Geopolitics, imports of military hardware, security and Covid recovery topped the agenda in the most recent Turkey-Africa Partnership Summit held in Istanbul.
As Turkish President Recep Erdogan sat down with a host of African leaders on December 18, his country’s military dealings with the continent was top of the agenda.
The value of Turkey’s arms sales to Africa in 2021 rose by 700 percent to $328 million, from $41 million in 2020, according to data from Turkey’s General Assembly of Exporters.
President Erdogan said Turkey and African countries agreed on a joint action plan for partnership in peace, security, infrastructure and trade.
African leaders and Ankara adopted a joint declaration that committed them to “further strengthen and deepen the co-operation in the interest of the states and peoples.”
Kenya, Uganda, Ethiopia, Nigeria, Tanzania, Rwanda and Somalia are some of the Eastern African countries that have defence pacts with Ankara, offering a market for rifles, tankers and drones.
Turkey has, in the past two years, deepened ties with the continent, which has resulted in signing several trade and defence pacts. So far, it has signed 16 agreements with African countries as it seeks to make the continent its third-largest export market for defence equipment. The country is renowned for its manufacture of helicopter engines, armoured land vehicles, rockets and missiles, light weapons and defence software.
For the continent, Turkey offers competitive prices for its military hardware, with a no-strings-attached policy. Ankara already has a military base in Somalia and Morocco.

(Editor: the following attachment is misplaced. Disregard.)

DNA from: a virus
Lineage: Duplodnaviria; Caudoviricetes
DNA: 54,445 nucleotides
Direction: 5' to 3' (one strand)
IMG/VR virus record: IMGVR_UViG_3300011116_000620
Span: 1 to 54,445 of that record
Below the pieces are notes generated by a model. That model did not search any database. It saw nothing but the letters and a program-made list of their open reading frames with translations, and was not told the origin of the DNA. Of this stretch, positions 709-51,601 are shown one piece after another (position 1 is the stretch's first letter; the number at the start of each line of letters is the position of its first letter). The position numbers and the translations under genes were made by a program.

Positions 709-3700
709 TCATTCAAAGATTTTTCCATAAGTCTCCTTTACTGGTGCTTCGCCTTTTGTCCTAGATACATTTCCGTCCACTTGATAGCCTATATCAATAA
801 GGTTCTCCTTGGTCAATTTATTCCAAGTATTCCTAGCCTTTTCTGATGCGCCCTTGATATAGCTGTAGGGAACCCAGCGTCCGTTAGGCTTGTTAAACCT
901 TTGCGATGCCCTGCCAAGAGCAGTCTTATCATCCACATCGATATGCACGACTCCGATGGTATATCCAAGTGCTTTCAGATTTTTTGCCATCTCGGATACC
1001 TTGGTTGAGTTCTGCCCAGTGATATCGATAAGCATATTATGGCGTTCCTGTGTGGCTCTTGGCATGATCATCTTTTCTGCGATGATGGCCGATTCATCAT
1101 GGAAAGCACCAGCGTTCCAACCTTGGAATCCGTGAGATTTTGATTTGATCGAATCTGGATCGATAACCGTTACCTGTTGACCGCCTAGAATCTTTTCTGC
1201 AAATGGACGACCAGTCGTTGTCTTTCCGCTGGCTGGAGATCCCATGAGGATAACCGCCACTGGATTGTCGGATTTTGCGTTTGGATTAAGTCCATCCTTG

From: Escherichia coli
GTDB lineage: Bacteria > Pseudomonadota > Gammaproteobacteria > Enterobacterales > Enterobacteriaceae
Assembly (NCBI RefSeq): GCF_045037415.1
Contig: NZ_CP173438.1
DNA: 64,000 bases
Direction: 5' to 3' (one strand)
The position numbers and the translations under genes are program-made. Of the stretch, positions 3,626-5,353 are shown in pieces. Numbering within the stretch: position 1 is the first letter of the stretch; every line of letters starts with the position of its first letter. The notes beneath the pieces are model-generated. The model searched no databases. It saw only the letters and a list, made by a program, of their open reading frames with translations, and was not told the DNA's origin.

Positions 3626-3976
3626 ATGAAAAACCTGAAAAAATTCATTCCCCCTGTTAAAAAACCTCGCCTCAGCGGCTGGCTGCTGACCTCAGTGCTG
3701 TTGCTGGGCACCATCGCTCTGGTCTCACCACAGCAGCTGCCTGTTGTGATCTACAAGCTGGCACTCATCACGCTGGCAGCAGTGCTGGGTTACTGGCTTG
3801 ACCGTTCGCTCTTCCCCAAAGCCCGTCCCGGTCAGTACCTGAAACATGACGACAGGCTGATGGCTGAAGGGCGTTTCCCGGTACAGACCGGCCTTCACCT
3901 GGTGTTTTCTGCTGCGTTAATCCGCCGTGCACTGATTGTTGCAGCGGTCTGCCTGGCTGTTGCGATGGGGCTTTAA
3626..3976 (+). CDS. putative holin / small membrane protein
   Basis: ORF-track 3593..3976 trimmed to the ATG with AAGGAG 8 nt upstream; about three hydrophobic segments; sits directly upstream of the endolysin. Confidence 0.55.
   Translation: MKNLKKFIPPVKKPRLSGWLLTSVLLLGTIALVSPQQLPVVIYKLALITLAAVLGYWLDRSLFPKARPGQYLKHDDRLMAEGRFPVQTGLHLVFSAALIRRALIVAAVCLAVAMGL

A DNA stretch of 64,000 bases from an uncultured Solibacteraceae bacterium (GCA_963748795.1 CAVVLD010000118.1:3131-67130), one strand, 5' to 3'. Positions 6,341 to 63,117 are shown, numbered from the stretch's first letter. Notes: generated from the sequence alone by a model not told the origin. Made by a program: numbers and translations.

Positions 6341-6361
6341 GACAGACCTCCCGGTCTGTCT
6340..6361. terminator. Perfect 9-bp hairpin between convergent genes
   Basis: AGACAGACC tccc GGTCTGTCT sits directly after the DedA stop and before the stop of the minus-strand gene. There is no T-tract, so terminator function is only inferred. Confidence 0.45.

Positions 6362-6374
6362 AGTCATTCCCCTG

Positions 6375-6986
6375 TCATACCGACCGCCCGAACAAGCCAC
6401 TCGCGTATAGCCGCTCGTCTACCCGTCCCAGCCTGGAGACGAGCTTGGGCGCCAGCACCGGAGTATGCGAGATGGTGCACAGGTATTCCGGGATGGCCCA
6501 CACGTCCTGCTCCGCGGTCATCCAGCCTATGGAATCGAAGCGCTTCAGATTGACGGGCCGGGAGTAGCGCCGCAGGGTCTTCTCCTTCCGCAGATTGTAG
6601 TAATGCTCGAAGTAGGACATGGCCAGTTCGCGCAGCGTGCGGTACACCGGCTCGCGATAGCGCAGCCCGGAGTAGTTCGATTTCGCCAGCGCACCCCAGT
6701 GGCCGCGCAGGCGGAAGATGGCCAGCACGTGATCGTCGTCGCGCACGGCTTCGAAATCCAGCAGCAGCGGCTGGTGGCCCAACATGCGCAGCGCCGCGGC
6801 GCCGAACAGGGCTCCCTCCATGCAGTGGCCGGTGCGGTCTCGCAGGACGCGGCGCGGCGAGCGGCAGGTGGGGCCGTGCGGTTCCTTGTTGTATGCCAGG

Its latest sales to Addis Ababa, which is currently quelling a civil war in the northern region of Tigray, didn’t go unnoticed. In August, Turkey signed a military co-operation deal with Ethiopian Prime Minister Abiy Ahmed, and sent an unspecified number of drones to Addis, which has been credited with tilting the war in favour of Mr Abiy.
But Ankara has since responded to international pressure and halted the sales. “Ethiopia can buy these drones from whoever they want,” Turkey’s Foreign Ministry spokesman said in October, neither confirming or denying the sales.
Turkish defence and aviation exports to Ethiopia rose to $94.6 million between in the 11 months to November 2021, up from around $235,000 in the same period in 2020, according to figures published by the Turkish Exporters Assembly. Sales to Angola, Chad and Morocco experienced similar jumps.
“Everywhere I go in Africa, everyone asks about UAVs (unmanned aerial vehicles),” President Erdogan said after his October 2021 African visit that featured Angola, Nigeria and Togo.
Already, Angola has shown interest in acquiring the drones, and Nigeria has bought targeting fighter aircraft pods from Turkey’s largest defence contractor, Aselsan.
For Ankara, successfully courting the continent means upsetting Russia, America and China, which have been the dominant players on the African arms market, accounting for three-quarters of the continent’s imports between 2015 and 2019, according to the Stockholm International Peace Research Institute (Sipri).
Sipri’s latest data shows that China’s share of defence imports by sub-Saharan countries rose to 29 percent in 2019, from 12.1 percent a decade before.
Beijing has since become the second-largest arms supplier to the continent, behind the US, followed by Russia, with France and Germany also having a sizeable market share.
In East African, Uganda, Kenya and South Sudan are Beijing’s biggest arms customers. According to security analysts, the African defence market is now of importance to China, as it has accounted for close to a quarter of its global military exports in the past eight years.